The next presidential election is just over three months away, and America is not ready for it. Voter suppression, coupled with the coronavirus pandemic, has already prevented thousands of people from participating in safe and fair elections. Look no further than the preventable “disaster,” as Stacey Abrams called it, in Georgia’s June 9 primary, where long lines and nonworking voting machines led to what some have described as a full-blown meltdown.
U.S. elections are full of roadblocks that harm people of color, the disabled, and low-income communities. Common provisions include voter ID laws, voter purges, and poll closures. On average, Black voters wait 45% longer to vote than white voters, and Latinx voters wait 46% longer. In 2017, for example, North Carolina tried to pass a voter ID policy that the Supreme Court shut down for targeting Black people with “almost surgical precision.” The issue is often the way the rules they are applied, and how they target Black people and other people of color. For example, if you close polling locations, those communities need alternatives like extended voting hours or the ability to vote by mail.
By keeping people of color from voting, officials are preventing necessary, large-scale change from happening as racism continues to plague America. Police violence, healthcare inequality, affordable housing, and the school-to-prison pipeline are all issues that start at the local level and can be influenced by voting — so it’s no wonder that certain politicians have a vested interest in suppressing the vote. “The people at a local level have the power to shrink the footprint of the criminal legal system and promote healthy and safe communities,” Vanita Gupta, CEO of The Leadership Conference of Human and Civil Rights, told R29Unbothered.
The Leadership Conference recently started the campaign “And Still I Vote” to raise awareness about voter suppression. (It was originally planned as a national tour but, due to COVID-19 concerns, they are sharing their mission on Instagram instead.)
Amid the still-surging pandemic, officials are using COVID-19 as an excuse to close polling places, one of the most blatant forms of suppression. During this year’s primaries, Wisconsin, Georgia, and Kentucky experienced shutdowns that led to limited access to voting and overcrowding.
Current suppression tactics all have historic precedent, according to Ashley Allison, who was the Leadership Conference’s Executive VP of Campaigns & Programs when we spoke with her, but has since joined former VP Joe Biden’s presidential campaign as National Coalitions Director. “A poll tax now looks like a polling location closing,” Allison told R29Unbothered. “A literacy test is now a signature match. It’s the same desire to suppress voters of color, but they just do it in different ways.”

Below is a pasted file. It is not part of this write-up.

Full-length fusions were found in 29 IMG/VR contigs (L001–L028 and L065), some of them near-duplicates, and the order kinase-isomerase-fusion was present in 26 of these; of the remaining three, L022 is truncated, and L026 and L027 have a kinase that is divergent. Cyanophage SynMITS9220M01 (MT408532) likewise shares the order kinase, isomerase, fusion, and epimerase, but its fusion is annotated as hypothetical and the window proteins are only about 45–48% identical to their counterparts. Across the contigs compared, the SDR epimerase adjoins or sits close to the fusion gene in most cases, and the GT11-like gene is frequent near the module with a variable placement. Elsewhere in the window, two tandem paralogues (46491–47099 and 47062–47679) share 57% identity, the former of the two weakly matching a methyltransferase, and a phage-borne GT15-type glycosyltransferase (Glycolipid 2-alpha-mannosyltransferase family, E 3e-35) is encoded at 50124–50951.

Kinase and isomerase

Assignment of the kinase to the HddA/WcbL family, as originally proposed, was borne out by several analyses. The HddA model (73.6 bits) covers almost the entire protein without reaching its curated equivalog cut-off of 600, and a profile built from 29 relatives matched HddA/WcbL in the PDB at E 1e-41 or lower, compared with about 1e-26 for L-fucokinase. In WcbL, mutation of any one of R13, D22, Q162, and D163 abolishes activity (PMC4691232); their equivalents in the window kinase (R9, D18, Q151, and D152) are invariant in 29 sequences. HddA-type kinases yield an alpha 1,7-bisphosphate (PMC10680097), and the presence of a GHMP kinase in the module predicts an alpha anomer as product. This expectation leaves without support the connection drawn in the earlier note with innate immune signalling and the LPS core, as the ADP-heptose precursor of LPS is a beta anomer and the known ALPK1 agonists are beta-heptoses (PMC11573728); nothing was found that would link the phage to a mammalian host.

Gupta further explained this political tradition. “From the very founding of our nation, voting has been something that is exclusive,” she said. “There has always been a very well-funded, focused effort to suppress the right to vote.”
The situation is untenable and we need large-scale systemic overhaul in order to continue as a democracy. The Democratic-majority U.S. House has passed several measures, including 2019’s H.R. 1, or the For the People Act, which expands voting rights, limits partisan gerrymandering, and strengthens ethical rules. But, it’s being held up in the U.S. Senate — specifically right-wing Majority Leader Sen. Mitch McConnell — which means it can’t go into effect.
So, what can we do? Even without crucial legislation passed, we can still follow the steps to vote responsibly and advocate for fair and safe elections. Ahead, what you need to know.
Step 1: Get Educated
If you want to make a difference, take time to read up on what you need to know to vote. The website Vote411 provides personalized ballots based on your address and political party. Each ballot includes information on the candidates, contact information, policy questions, and their plans if elected.
Step 2: Make A Plan
Determine how you’re going to vote. Do you want to do it in person or would you rather vote by mail? If you’re voting in person, first, check where your nearest polling location is. If you don’t have any (or enough) nearby, call your local elections board and request more information. If all else fails, make a plan to get to the nearest location safely. If voting by mail: Absentee voting is legal for residents not currently living in their state, but mail-in voting is not supported everywhere. If you’d like to avoid the polls in November, see if your state allows it. Call and ask for voting alternatives.
Step 3: Be Prepared
You can’t rely on polling locations to protect your safety, so come ready for anything and call out bad practices. Wear a mask and bring sanitizer. Keep your distance, and be respectful of others around you. Bring multiple forms of identification, just in case. You can check your local requirements here. Call polling locations ahead of time and see if they have curbside assistance for the disabled. And, if you notice issues that unfairly affect vulnerable groups, say something about it.
Step 4: Follow Through
Even if you don’t think your voice matters, vote. This country has a history of making it seem that people are too insignificant, too Black, too poor, too disabled, too anything, to make a difference. The Leadership Conference disagrees. “To sit it out in this moment, when pretty much everything is at stake in this upcoming election, will be the greatest form of voter suppression and we can’t allow that to happen,” Gupta said.
Step 5: Volunteer To Help Save Voting Rights
This fight doesn’t end on November 3. There are a myriad of organizations that need our help year-round! If you are able to do so, please consider volunteering at or donating to the following:
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